Find out how the organizing committee of one of the largest Quarter Horse shows in the nation is handling biosecurity at their competition in response to the recent EHV-1 outbreak.

When the current equine herpesvirus type 1 (EHV-1) outbreak first surfaced in early May shortly after the National Cutting Horse Association (NCHA) Western National Championship in Utah, Jackie Krshka of Yukon, Okla., immediately got on the phone.

As the show director for the Oklahoma Quarter Horse Association Redbud Spectacular–one of the nation’s largest American Quarter Horse Association (AQHA) shows–she knew the outbreak had serious implications for the 2011 show planned June 1-12 at the Oklahoma State Fair Park in Oklahoma City.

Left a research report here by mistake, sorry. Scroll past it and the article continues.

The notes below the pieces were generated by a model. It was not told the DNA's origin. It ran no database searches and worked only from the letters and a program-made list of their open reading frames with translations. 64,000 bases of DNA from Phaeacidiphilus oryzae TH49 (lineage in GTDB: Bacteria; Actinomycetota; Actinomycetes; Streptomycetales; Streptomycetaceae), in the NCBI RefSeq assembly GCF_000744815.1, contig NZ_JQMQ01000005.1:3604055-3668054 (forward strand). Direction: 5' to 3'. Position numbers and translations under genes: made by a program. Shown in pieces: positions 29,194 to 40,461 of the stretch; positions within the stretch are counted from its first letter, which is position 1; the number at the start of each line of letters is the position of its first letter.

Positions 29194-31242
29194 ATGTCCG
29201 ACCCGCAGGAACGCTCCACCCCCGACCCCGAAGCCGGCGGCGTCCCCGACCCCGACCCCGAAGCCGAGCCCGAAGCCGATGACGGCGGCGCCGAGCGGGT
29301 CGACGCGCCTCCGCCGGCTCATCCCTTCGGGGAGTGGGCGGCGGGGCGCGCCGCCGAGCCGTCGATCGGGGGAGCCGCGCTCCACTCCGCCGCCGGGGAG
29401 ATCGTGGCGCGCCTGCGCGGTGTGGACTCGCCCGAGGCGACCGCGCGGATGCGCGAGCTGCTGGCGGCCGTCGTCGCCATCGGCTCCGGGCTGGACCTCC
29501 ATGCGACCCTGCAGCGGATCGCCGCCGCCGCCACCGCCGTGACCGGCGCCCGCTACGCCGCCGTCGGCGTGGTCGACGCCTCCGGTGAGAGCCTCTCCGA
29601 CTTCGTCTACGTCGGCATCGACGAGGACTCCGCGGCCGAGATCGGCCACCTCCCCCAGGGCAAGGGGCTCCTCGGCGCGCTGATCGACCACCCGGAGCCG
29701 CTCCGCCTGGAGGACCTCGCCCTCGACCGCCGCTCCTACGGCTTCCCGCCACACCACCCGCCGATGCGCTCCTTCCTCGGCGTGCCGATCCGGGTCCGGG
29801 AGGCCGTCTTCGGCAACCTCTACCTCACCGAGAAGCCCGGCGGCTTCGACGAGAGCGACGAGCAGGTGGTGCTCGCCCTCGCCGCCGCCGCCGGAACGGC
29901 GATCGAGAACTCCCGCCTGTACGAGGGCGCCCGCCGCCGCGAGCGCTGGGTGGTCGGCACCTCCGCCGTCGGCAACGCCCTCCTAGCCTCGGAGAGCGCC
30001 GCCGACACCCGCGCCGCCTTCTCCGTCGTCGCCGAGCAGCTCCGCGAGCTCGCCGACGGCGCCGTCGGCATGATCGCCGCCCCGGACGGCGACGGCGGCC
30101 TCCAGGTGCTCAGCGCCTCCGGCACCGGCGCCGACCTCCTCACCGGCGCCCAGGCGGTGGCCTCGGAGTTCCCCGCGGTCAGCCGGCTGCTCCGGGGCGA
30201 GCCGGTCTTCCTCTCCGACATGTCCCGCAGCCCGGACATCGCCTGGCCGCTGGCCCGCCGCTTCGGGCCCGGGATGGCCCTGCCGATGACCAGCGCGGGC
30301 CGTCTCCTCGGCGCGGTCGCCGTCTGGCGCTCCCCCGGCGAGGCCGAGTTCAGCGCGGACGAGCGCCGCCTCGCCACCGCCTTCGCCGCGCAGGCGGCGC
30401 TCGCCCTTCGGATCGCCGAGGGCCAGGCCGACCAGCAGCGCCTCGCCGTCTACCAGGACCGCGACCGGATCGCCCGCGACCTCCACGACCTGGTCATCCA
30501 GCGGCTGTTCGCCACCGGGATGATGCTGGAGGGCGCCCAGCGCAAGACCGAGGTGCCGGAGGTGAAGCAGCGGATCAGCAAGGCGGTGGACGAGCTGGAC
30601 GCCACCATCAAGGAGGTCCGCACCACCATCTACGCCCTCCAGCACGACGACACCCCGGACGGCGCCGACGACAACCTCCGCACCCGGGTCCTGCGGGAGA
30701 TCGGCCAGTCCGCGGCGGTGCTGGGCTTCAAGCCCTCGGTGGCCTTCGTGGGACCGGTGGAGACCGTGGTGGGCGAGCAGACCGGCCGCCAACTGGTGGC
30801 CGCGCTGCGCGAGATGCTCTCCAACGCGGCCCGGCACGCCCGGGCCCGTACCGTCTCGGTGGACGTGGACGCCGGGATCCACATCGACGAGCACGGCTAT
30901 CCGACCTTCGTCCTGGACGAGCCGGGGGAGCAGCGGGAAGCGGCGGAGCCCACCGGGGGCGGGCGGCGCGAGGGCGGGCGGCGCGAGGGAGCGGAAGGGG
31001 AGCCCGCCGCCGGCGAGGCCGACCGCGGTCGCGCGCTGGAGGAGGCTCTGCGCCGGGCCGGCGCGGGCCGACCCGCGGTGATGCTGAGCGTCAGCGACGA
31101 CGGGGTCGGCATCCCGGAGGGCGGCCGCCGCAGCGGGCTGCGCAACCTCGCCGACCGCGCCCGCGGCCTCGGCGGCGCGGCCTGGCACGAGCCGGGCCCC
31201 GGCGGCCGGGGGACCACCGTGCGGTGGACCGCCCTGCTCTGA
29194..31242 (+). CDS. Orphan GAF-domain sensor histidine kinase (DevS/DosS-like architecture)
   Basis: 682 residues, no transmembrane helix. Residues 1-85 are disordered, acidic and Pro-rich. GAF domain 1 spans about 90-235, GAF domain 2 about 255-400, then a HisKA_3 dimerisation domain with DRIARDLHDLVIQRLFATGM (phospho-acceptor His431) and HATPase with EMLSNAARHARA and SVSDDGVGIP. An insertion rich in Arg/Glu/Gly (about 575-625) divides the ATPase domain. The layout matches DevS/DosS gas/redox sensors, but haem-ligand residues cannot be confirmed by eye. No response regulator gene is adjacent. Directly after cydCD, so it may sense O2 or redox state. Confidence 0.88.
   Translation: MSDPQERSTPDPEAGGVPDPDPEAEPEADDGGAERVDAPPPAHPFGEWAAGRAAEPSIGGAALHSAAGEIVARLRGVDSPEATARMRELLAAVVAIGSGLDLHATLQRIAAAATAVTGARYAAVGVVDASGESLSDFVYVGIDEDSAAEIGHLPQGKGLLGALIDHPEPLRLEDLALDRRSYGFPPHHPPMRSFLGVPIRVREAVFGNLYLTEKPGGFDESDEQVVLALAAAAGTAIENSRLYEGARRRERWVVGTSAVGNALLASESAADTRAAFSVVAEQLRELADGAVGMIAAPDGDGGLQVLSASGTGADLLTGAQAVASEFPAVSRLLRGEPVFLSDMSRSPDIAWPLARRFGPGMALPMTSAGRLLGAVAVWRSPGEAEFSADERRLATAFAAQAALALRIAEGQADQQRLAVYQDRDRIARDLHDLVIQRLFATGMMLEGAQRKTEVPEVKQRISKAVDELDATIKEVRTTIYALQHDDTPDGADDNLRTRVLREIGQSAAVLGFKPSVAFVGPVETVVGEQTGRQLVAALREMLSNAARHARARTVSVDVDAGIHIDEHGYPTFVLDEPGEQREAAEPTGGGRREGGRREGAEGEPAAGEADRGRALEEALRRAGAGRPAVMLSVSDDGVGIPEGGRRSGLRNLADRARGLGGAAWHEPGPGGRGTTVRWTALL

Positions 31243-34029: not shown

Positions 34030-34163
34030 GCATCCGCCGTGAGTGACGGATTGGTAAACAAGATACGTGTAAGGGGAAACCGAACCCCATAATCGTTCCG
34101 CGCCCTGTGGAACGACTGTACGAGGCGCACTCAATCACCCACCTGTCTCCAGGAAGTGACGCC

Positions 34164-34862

"We jumped right on top of it," Jackie says. She immediately put together a team directing the Redbud’s biosecurity response to the outbreak: herself, show veterinarian David McCarroll (DVM, Dipl. ACVIM)(also on the Redbud show board) and Bill Allen of the State Fair Park. They stayed in constant contact with Oklahoma State Veterinarian Mike Herrin (DVM), the USDA, and AQHA.

"The current EHV-1/equine herpes myeloencephalopathy outbreak is isolated to a group of horses, and that limits the scope of the outbreak significantly," McCarroll explains. "Those horses and premises affected are very well identified. Credit is due to NCHA and its members who made the tough decision to segregate those horses from the rest of the population and limit traffic to events. I think it will pay huge dividends in the long run.

"The Redbud this year has no cutting or working cow horse